Smart Money has one of those inevitable lists up for the new year. In this case, it’s “10 Things Not to Buy in 2010.” Mostly ho-hum, reasonable. Except for this entry:
External hard drives
Consumers who keep their computers for years and upload thousands of songs, videos, movies and photos will need to get more space at some point.
External hard drives are one option, but an up-and-coming alternative might be simpler and save you another transition down the road. Online backup services, like Carbonite.com or Mozy.com, allow users to back up data over the Internet.
Notice that “simpler” and “save you another transition down the road.” Well-intentioned; one of those paving stones on the road to Digital Hell.
What, I’m not a convert to the Church of the Holy Cloud? Do I live in a cave in Waziristan? I’m always connected when using my computer, aren’t I? Aren’t we all? So, what could be wrong with not having to buy an external hard drive?
Three words, two things: power outage; cost. Just the other night, we experienced a (thankfully) brief power outage. Good thing I didn’t need my online services then. The first point is that power outages happen all the time, and most of us don’t maintain backup power systems in our apartments or houses.
The second point is that for data security, storing data external to your PC is vital. You either buy the hardware yourself (e.g. an external hard drive), or rent someone else’s hardware, through online storage such as the two mentioned by SmartMoney:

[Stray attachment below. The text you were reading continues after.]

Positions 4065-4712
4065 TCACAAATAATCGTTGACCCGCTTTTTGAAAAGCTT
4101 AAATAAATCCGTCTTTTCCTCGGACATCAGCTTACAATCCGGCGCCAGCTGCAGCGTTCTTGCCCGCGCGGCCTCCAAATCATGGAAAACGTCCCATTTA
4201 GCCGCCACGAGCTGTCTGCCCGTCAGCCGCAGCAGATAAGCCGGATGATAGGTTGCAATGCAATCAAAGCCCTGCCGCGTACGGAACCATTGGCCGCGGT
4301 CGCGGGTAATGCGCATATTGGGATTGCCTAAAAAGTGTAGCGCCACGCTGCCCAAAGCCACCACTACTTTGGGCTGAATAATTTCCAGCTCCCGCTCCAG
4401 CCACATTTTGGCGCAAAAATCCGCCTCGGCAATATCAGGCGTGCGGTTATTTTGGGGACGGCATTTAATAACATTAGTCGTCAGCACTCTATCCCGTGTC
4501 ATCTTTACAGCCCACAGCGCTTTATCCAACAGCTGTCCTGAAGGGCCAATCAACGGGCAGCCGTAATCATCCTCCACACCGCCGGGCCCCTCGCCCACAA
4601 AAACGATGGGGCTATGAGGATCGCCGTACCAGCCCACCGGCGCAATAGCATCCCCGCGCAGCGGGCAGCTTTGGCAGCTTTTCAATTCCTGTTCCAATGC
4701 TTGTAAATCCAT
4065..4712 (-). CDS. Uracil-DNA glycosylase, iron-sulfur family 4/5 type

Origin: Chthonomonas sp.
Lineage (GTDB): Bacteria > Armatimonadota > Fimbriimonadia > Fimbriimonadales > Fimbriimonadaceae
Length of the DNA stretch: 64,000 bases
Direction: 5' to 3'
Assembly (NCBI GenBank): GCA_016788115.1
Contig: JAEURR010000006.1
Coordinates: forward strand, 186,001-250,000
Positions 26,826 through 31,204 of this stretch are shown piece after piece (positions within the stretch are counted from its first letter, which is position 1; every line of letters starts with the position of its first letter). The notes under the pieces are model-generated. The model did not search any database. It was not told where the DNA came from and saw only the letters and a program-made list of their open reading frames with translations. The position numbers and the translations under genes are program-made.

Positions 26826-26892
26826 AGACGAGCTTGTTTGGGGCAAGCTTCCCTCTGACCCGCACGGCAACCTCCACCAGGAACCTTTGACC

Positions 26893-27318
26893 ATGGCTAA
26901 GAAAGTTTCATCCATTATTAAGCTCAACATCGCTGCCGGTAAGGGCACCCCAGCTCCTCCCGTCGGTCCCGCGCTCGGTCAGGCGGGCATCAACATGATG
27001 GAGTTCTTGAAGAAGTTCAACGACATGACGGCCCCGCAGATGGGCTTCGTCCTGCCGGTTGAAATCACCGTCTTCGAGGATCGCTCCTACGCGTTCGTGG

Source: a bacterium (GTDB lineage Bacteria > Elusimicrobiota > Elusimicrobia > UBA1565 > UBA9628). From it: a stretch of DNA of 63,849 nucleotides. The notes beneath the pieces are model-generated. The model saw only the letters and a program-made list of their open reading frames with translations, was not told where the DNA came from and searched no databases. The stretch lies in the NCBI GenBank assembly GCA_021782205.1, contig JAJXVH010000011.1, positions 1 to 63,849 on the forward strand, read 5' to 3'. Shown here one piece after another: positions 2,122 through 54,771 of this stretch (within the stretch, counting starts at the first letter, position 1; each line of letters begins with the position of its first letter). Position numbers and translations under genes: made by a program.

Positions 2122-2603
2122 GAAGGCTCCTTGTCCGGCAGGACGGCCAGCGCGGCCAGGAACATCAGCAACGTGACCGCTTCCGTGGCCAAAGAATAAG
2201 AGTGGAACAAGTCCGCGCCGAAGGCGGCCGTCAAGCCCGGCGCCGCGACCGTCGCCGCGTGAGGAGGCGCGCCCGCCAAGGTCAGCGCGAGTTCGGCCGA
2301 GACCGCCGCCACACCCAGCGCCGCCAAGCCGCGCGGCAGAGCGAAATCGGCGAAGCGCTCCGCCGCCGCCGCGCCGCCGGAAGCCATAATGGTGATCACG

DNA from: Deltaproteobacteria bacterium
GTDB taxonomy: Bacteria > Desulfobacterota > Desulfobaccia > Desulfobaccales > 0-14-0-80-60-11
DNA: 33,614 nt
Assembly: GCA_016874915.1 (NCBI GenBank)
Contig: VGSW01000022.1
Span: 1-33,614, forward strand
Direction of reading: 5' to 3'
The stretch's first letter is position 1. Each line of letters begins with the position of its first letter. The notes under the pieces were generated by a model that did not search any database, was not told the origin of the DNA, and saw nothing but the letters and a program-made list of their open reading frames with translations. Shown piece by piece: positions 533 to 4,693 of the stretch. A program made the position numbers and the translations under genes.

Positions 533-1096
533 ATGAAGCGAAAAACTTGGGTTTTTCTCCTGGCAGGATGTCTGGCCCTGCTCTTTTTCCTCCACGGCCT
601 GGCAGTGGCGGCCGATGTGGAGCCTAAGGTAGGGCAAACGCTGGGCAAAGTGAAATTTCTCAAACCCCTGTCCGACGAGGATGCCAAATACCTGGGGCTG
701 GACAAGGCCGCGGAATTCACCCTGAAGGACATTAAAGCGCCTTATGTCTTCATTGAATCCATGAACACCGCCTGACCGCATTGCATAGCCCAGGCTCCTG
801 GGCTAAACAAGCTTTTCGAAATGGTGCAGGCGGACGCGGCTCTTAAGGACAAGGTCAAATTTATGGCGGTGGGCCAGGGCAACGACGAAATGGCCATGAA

These services are more expensive than purchasing an external hard drive, which typically starts at around $70. At Carbonite.com, a one-year subscription starts at $54.95, and at Mozy.com monthly subscription costs total $54.45 for a year.
Yes, they are rather more expensive. Year after year, you’d be in essence paying the cost of your external hard drive. Over and over and over again.
As for SmartMoney’s reasons to use online storage? No, it’s not simpler than directly saving your downloads to the external hard drive, or copying them from your computer’s hard drive. That’s actually much simpler and quicker than having to upload them and do external file management on Mozy or other service. If you doubt this, try using a free online storage service (e.g. Live) and compare the time and effort to just copying the same files to an external drive.
Down the road, what happens when my USB external hard drive is not compatible with my new computer? Well, in 10 or so years I might have a problem; anyone seen a floppy disk drive lately? Oh, right. It’s a safe bet that there will, in your lifetime, be a robust secondary market in supposedly obsolete devices and the ability to connect them to your computer.
My advice, from long experience with computers and peripherals? Keep it simple; keep it under your immediate control; avoid paying for something more than once.